Hybridization of the labeled sample is performed at an appropriate stringency level. The degree of probe-nucleic acid hybridization is quantitatively measured using a detection device. See U.S. Pat. Nos. 5,578,832 and 5,631,734.

[0065] Alternatively any one of gene copy number, transcription, or translation can be determined using known techniques. For example, an amplification method such as PCR may be useful. General procedures for PCR are taught in MacPherson et al., PCR: A Practical Approach, (IRL Press at Oxford University Press (1991)). However, PCR conditions used for each application reaction are empirically determined. A number of parameters influence the success of a reaction. Among them are annealing temperature and time, extension time, Mg2+ and /or ATP concentration, pH, and the relative concentration of primers, templates, and

deoxyribonucleotides. After amplification, the resulting DNA fragments can be detected by agarose gel electrophoresis followed by visualization with ethidium bromide staining and ultraviolet illumination.

[0066] In one embodiment, the hybridized nucleic acids are detected by detecting one or more labels attached to the sample nucleic acids. The labels can be incorporated by any of a number of means well known to those of skill in the art. However, in one aspect, the label is simultaneously incorporated during the amplification step in the preparation of the sample nucleic acid. Thus, for example, polymerase chain reaction (PCR) with labeled primers or labeled nucleotides will provide a labeled amplification product. In a separate embodiment, transcription amplification, as described above, using a labeled nucleotide (e.g. fluorescein - labeled UTP and/or CTP) incorporates a label in to the transcribed nucleic acids.

[0067] Alternatively, a label may be added directly to the original nucleic acid sample

(e.g., mRNA, poly A, mRNA, cDNA, etc.) or to the amplification product after the amplification is completed. Means of attaching labels to nucleic acids are well known to those of skill in the art and include, for example nick translation or end-labeling (e.g. with a labeled RNA) by kinasing of the nucleic acid and subsequent attachment (ligation) of a nucleic acid linker joining the sample nucleic acid to a label (e.g., a fluorophore).

[0068] Detectable labels suitable for use in the present disclosure include any

composition detectable by spectroscopic, photochemical, biochemical, immunochemical, electrical, optical or chemical means. Useful labels in the present invention include biotin for staining with labeled streptavidin conjugate, magnetic beads (e.g., Dynabeads™), fluorescent dyes (e.g., fluorescein, texas red, rhodamine, green fluorescent protein, and the like), radiolabels (e.g., 3FL 1251, 35S, 14C, or 32P) enzymes (e.g., horse radish peroxidase, alkaline phosphatase and others commonly used in an ELISA), and calorimetric labels such as colloidal gold or colored glass or plastic (e.g., polystyrene, polypropylene, latex, etc.) beads. Patents teaching the use of such labels include U. S. Pat. Nos. 3,817,837; 3,850,752; 3,939,350; 3,996,345;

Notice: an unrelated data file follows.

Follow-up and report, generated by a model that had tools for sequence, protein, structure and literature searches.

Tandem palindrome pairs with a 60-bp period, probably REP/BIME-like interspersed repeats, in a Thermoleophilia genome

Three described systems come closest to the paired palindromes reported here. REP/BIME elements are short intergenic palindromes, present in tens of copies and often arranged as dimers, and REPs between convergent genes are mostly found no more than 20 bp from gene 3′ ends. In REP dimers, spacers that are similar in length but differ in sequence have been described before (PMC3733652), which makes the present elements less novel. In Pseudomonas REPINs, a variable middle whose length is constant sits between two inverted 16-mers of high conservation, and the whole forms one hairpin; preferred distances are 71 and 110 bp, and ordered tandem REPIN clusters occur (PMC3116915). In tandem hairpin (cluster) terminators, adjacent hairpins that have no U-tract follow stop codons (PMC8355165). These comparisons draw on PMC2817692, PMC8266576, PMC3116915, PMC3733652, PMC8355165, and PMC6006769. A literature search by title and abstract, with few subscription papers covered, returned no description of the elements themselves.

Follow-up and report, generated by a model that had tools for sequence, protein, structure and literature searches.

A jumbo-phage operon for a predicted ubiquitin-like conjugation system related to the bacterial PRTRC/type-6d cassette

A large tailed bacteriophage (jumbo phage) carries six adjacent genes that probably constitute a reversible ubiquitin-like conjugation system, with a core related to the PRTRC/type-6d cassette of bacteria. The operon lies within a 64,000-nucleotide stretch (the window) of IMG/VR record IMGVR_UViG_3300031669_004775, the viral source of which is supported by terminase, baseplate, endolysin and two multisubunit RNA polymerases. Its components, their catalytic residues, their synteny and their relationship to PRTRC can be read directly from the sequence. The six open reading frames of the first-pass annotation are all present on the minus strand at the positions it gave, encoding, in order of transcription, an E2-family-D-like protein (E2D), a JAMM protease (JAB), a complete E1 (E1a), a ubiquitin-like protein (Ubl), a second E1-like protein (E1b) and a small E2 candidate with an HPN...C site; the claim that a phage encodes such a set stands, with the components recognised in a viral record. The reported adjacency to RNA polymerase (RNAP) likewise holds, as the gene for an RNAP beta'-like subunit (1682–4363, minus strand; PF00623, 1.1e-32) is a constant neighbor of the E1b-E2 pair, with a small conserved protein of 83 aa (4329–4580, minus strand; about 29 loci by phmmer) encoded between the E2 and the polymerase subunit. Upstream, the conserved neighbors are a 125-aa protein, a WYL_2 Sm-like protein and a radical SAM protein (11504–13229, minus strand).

4,277,437; 4,275,149; and 4,366,241.

[0069] Detection of labels is well known to those of skill in the art. Thus, for example, radiolabels may be detected using photographic film or scintillation counters, fluorescent markers may be detected using a photodetector to detect emitted light.

[0070] Enzymatic labels are typically detected by providing the enzyme with a substrate and detecting the reaction product produced by the action of the enzyme on the substrate, and calorimetric labels are detected by simply visualizing the coloured label.

[0071] The detectable label may be added to the target (sample) nucleic acid(s) prior to, or after the hybridization, such as described in WO 97/10365. These detectable labels are directly attached to or incorporated into the target (sample) nucleic acid prior to hybridization. In contrast, "indirect labels" are joined to the hybrid duplex after hybridization. Generally, the indirect label is attached to a binding moiety that has been attached to the target nucleic acid prior to the hybridization. For example, the target nucleic acid may be biotinylated before the hybridization. After hybridization, an avidin- conjugated fluorophore will bind the biotin bearing hybrid duplexes providing a label that is easily detected. For a detailed review of methods of labeling nucleic acids and detecting labeled hybridized nucleic acids see Laboratory Techniques in Biochemistry and Molecular Biology, Vol. 24: Hybridization with Nucleic Acid Probes, P. Tijssen, ed. Elsevier, N.Y. (1993).

[0072] A reduction in the expression level of the UBB gene product can be caused by a variety of reasons, for example, by a reduced copy number of the UBB gene, by a mutation in the UBB gene that either reduces the transcription/translation of the UBB gene or results in destabilization of the UBB gene product, by a change in DNA methylation that leads to reduced UBB promoter activity, etc. Therefore, in some embodiments, the copy number of the UBB gene, the mutation in the UBB gene, and/or the methylation pattern of the UBB gene may be assayed for the detection of reduced expression level of the UBB gene product in a patient sample. In some embodiments, the expression level of the UBB gene product and the expression level of the UBC gene product can be both measured and compared, for example, to calculate a ratio between the expression level of the UBC gene product and the expression level of the UBB gene product.

[0073] In some embodiments, the copy number of the UBB gene, the mutation in the